CSci 4651 Programming languages -- Resources.
This page contains handouts for the course and links to other helpful
materials. The materials will be added as the course progresses.
questions for the midterm.
- NEW!Review questions for
- Reading due on September 12th (but start reading now and take
notes so that you don't forget your thoughts later).
The following two articles describe examples of highly successful use
of Lisp in industry:
Our discussion will focus on use of different languages for different
purposes and Paul Graham's claim about advantages of Lisp for software
development. All points of view are welcome!
- "Beating the
averages" by Paul Graham talks about his choice of Lisp as a
language for a start-up company Viaweb which eventually evolved into
Yahoo!Store, a popular e-commerce software that runs about 20,000
online stores. The article explains why Lisp was chosen and how it
helped the startup to "outrun" its competitors.
Orbitz" by Carl de Marcken details the use of various
languages (including Lisp, Java, C++) in an online air fare search software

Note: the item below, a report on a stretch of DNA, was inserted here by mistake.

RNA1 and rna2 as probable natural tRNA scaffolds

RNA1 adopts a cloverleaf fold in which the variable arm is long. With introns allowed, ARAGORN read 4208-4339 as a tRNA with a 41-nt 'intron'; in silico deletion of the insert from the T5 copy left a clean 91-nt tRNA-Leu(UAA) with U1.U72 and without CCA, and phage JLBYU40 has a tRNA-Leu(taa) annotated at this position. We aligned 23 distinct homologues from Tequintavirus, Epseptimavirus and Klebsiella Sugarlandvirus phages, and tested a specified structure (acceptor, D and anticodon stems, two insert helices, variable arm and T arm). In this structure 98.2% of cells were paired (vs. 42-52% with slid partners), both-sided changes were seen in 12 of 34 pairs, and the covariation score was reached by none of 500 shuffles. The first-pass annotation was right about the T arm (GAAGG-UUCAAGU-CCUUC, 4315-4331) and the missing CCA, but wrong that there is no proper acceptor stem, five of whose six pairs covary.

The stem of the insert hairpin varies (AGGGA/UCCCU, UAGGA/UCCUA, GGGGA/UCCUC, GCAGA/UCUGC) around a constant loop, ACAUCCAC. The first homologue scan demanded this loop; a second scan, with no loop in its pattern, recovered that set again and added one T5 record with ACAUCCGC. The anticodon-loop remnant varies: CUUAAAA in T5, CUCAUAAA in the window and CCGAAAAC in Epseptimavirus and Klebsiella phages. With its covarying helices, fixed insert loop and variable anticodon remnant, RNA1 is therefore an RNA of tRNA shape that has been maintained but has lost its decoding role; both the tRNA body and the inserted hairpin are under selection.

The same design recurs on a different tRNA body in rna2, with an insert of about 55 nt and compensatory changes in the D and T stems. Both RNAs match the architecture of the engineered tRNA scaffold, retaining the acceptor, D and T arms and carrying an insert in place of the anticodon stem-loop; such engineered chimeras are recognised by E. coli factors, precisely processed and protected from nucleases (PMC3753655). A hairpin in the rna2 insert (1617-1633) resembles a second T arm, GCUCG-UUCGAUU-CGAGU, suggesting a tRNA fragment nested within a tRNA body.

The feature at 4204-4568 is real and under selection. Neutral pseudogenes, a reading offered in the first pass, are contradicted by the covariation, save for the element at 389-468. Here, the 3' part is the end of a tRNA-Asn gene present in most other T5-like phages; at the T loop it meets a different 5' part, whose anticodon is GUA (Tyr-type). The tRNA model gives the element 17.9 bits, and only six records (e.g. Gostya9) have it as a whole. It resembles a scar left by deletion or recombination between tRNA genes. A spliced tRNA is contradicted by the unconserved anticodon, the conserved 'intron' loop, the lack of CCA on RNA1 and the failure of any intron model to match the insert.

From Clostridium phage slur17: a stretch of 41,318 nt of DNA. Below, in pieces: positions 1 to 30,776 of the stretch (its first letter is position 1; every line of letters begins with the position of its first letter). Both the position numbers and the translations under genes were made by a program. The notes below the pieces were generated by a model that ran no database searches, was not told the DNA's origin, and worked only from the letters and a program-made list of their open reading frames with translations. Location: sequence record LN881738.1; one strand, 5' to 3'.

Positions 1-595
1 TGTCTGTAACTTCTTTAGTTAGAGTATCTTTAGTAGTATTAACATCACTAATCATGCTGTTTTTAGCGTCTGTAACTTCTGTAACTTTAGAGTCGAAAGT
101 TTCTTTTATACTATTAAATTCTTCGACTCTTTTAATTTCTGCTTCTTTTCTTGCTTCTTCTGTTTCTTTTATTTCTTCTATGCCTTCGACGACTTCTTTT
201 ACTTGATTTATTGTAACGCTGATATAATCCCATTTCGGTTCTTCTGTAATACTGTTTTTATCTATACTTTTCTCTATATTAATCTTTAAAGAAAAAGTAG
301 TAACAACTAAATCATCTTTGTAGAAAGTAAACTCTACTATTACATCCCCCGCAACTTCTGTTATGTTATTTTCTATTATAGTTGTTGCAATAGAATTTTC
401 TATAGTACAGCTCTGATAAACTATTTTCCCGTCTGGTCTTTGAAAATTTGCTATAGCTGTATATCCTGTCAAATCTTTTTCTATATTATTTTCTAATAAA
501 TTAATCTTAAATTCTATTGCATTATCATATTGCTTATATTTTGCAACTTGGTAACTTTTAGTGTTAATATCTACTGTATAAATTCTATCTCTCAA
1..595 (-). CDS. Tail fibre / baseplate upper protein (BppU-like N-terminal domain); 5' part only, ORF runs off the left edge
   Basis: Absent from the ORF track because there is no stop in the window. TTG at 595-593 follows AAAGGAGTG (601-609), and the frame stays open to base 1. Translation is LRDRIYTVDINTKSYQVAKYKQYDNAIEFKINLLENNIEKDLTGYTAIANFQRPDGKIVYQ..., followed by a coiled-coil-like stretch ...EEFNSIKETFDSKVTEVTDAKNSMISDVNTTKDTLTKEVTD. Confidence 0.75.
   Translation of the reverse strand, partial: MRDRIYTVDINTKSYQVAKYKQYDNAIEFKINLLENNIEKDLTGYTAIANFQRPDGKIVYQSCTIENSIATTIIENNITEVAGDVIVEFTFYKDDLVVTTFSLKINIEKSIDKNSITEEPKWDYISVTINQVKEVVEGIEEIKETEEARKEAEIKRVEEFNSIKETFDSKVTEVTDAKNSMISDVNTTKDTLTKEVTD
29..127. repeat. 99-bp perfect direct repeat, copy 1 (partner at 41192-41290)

Orbitz (still very much in use and very popular).
The version of ML used in this class is Standard ML '97 (SML97). The
most common implementation of this version of ML is SML/NJ. Unless
specified otherwise, the links below refer to SML/NJ.
in Standard ML" by Robert Harper is an excellent reference
with tons of examples.
- You can download SML/NJ from www.smlnj.org. This site also has
plenty of information and links related to SML/NJ.
- ML User's guide
includes some basic information about ML interactive system and
explanation of ML error messages.
- Another interesting version of ML is Objective Caml (O'Caml): an
object-oriented extension of ML. See www.ocaml.org for more information,
as well as for downloadable software. Please keep in mind, however,
that O'Caml is not SML97, so some code might behave
differently from the specification in SML97.
The views and opinions expressed in this page are strictly those of the page author. The contents of this page have not been reviewed or approved by the University of Minnesota.